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How to Write the Foreword of a Book

book Often forgotten, and sometimes misspelled (forward), the foreword of a book does not always get the respect it deserves.

You may have wondered what a foreword is, and who should write it. Those questions are answered here.

What is a Foreword?

A book’s foreword has an important purpose, and plays a key role in preparing the reader for what’s to come. The foreword can even help you market and sell your work.

Basically, the foreword of a book sets the stage for the readers, and lets them know in a few solid paragraphs what the book is about and why it is important or significant. Essentially the foreword prepares the reader for the content and provides a context for the material. The foreword also acquaints the reader with the author.

Who Should Write the Foreword?

Typically, the writer of the foreword is not the author. The author usually extends that invitation to an experienced and qualified individual with noted credentials, to help substantiate the work and vouch for the credibility of the author.

Some authors don’t plan for the foreword, and make it an afterthought. Some think about it well in advance and give the writer of the foreword ample time to craft this important element of their book.

If you are asked to write the foreword, you can now say “Yes,” because provided here is a basic but proven formula to help you hit the mark! After all, writing a foreword could become a real headache if you don’t know how to approach it (and simple is best, since simplicity gives room for clarity).

Write a Great Foreword!

To connect meaningfully with the reader from the start, your foreword should be engaging, informational, an even enticing. Make it powerful by being straightforward (never vague) and avoiding “fluff.” the foreword does not have to be wordy to be great. Just a few pages in length is enough, perhaps one to three.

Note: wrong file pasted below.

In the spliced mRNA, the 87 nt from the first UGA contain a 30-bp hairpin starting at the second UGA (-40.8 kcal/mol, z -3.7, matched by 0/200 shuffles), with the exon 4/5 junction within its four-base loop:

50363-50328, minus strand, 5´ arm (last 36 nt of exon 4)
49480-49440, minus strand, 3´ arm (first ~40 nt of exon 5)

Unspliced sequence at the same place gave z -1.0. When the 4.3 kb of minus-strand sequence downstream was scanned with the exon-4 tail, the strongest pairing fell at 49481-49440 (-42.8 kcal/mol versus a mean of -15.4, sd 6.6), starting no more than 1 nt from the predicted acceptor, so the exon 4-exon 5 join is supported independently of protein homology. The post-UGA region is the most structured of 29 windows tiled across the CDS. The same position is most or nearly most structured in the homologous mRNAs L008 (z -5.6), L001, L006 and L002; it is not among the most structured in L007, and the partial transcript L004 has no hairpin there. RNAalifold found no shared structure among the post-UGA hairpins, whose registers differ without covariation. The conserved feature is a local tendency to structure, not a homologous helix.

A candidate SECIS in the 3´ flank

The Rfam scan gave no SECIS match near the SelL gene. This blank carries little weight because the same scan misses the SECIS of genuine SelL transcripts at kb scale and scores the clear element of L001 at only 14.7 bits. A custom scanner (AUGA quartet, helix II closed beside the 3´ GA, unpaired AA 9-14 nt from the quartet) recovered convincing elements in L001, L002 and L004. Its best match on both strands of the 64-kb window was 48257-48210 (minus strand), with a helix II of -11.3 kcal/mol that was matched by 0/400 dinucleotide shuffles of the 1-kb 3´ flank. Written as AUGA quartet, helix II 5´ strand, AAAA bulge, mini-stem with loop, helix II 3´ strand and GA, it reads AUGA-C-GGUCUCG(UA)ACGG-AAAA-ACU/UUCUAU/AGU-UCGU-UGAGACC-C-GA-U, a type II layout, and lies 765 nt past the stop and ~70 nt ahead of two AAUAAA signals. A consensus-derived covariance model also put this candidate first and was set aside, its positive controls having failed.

If you are asked to write the foreword of a book, here is an easy but proven success formula to help you hit the mark!

- As you prepare to write (and as you write) the foreword, think in terms of grabbing the attention of the audience (reader). What do they most want? Why do you think they picked up the book? What do they hope it will it solve for them or help them to understand or accomplish? How will the book benefit them?

- In terms of the length of the foreword, go for about one thousand words, give or take a couple of hundred.

-Start the foreword content with a “hook,” which is a concise introduction to your subject matter that captures the attention of the potential reader and quickly draws her towards wanting to get to that content.

- Next, establish your credibility as the writer of the foreword. You accomplish this by communicating how or why you have a personal or professional connection to the book’s topic. Your words and statements should be crafted to focus on the significance of the book’s content. Point everything back to what’s in the book. Share your expertise as it relates to the book; don’t ramble on about yourself, and certainly don’t use the foreword as an opportunity to overly-boast about your credentials. Make the foreword all about the book and its relevance or benefit to the reader. Your job is to give the reader a glimpse into how the book can help them, and why reading it is vitally important.

- End the foreword with your name, title, title of a recent book you have written, and the city where you reside. Here is an example:

Margo DeGange, M. Ed.

Founder of Women of Splendor and Splendor Publishing

Best-Selling Author, The Art & Science of Loving Yourself First

College Station, TX.